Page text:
4 Crucial Retirement Savings Tips

Nov-retirement-savings-imageAh, retirement. The word alone brings to mind carefree travel, spending time with loved ones and putting the stress of work aside to learn an endless assortment of new hobbies. In reality, however, retiring comfortably means starting the planning and saving process early, and making the right moves every step of the way. It’s a lifelong journey, and the sooner you can get serious about it, the more likely it is you’ll be spending your retirement days in comfort, as opposed to worrying about whether or not you’re going to run out of money.

 

Saving for retirement isn’t always easy, but as one-in-four 65-year-olds today will live past the age of 90, it’s extremely important to focus on. Here are four tips to get you started.

1. Maximize Your Employer’s 401(k)

If you work with a company that offers a traditional 401(k) plan, you’re in luck in terms of retirement planning. A 401(k) allows you to contribute pre-tax dollars, which can come with some serious tax advantages and make it possible to invest extra income without having it noticeably affect your budget. Though becoming more of a rarity with each passing year, many employers do still offer a match on 401(k) contributions, which is essentially free money—take advantage of it by contributing as much as possible to your plan and focusing on what it will mean for your financial future.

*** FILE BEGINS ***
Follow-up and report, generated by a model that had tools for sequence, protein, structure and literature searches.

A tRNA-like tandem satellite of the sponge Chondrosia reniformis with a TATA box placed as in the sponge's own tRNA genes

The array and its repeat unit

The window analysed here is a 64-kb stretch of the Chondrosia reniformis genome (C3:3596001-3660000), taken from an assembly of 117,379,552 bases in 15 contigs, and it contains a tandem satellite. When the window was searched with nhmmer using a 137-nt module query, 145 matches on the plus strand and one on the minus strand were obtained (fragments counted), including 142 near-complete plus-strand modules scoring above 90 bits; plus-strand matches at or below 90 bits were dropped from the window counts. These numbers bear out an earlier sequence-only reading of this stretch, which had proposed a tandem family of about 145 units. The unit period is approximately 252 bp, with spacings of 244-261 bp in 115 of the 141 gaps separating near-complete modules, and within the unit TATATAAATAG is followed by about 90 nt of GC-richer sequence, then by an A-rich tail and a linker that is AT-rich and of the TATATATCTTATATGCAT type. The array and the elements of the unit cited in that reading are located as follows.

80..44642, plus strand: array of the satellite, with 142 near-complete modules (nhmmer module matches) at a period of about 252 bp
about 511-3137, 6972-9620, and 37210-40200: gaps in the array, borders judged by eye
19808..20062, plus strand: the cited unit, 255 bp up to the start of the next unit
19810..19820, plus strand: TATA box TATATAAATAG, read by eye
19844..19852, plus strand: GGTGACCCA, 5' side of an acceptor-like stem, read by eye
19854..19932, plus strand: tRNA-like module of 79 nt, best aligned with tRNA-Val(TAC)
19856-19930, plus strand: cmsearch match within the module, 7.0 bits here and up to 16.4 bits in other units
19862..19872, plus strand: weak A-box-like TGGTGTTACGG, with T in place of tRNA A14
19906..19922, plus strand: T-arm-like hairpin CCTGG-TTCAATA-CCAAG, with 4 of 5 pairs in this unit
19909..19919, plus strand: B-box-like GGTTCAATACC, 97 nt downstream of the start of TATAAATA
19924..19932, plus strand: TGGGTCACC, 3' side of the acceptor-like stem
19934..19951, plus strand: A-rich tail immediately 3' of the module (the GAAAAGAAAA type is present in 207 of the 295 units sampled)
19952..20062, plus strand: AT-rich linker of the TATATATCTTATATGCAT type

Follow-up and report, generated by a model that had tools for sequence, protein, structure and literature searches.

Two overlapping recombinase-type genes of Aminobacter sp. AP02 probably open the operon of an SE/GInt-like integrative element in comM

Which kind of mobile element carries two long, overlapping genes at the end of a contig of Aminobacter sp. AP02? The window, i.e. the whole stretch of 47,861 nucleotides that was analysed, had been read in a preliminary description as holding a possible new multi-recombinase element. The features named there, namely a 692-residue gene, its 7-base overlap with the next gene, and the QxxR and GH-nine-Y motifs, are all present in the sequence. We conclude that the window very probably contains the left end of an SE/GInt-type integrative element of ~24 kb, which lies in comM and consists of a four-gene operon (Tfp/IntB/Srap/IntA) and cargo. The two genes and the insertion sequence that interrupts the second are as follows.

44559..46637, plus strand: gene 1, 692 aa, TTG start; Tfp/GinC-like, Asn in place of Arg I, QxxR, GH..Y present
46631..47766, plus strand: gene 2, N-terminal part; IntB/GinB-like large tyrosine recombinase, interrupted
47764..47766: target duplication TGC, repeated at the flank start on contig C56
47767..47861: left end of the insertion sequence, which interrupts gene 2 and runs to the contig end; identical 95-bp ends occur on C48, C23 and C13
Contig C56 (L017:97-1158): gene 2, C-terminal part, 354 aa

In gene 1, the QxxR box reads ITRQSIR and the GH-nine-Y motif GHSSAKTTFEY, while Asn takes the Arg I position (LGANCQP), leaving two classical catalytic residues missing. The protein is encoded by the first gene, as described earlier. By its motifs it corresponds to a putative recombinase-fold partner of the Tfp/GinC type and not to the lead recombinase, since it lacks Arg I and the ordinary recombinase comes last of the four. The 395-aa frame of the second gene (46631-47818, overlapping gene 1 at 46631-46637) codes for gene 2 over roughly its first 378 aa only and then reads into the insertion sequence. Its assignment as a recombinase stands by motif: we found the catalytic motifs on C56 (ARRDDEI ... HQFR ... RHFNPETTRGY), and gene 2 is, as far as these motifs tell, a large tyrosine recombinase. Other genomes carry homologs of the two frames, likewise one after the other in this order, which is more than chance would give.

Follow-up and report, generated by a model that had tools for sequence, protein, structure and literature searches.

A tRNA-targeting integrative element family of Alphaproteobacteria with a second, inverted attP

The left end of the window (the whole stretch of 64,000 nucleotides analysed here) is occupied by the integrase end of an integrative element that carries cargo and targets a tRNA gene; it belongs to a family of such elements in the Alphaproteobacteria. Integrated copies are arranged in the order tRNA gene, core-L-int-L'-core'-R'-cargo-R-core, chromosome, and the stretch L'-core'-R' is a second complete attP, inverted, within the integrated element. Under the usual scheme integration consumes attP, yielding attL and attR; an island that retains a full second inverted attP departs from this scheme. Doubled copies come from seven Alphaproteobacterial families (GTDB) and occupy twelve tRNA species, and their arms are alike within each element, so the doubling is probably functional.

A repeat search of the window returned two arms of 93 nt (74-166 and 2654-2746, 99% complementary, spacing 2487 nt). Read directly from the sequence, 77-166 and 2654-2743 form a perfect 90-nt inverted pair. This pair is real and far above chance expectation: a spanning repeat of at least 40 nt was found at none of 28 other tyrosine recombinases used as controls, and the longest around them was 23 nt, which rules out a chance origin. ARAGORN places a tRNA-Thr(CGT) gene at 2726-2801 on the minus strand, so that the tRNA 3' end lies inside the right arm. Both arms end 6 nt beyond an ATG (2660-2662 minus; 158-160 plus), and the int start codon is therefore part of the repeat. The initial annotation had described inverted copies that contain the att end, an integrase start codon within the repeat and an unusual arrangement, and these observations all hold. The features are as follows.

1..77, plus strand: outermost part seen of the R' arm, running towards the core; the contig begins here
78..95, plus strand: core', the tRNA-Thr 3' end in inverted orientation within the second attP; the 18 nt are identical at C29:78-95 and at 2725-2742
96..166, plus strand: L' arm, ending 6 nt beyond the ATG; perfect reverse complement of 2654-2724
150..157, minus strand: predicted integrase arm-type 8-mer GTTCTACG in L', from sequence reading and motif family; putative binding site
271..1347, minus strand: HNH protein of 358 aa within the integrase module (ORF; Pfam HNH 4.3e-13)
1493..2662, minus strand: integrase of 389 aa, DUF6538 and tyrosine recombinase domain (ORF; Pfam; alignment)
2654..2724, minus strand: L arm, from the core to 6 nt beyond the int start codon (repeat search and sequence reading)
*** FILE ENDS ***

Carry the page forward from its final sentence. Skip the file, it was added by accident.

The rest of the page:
2. Don’t Overlook the Roth IRA

While 401(k) plans can certainly be beneficial as retirement savings vehicles, they’re not everything. Indeed, no retirement savings account offers the kind of flexibility and versatility characteristic of the Roth IRA, which is an ideal tool for building your nest egg. Unlike your employer’s 401(k), Roth IRAs are funded with post-tax dollars, which means the money can be withdrawn without having to pay any taxes once you reach the age of 59 ½ (so long as the account has been open for five years). Plus, Roth IRAs offer a number of investment options, making them less limited than most 401(k) plans.

3. Invest Gifts and Inheritances

Money that seems to appear out of nowhere, whether in the form of gifts, inheritances, or even a 20-dollar bill that shows up in your laundry, is often viewed as “fun money,” due to the fact that it materializes randomly. But that’s not to say gifted cash should be spent frivolously. If anything, gifts, inheritances and found money make excellent retirement investments and can help to pad your nest egg with each new contribution.

4. Work with a Financial Planner

As good as some may be with managing a budget, the fact is most people are not financial professionals. There are a great deal of benefits that come along with taking retirement into your own hands, but you can maximize your efforts by working with a financial planner who has expertise in this area. Though it will cost you some up-front, the health of your portfolio and peace of mind associated with knowing that you’re working with a true professional will be worth the investment.

 

Planning for retirement can be challenging to say the least, but it’s possible to plan effectively by starting early and focusing your approach. Don’t wait around—you’ll thank yourself down the road.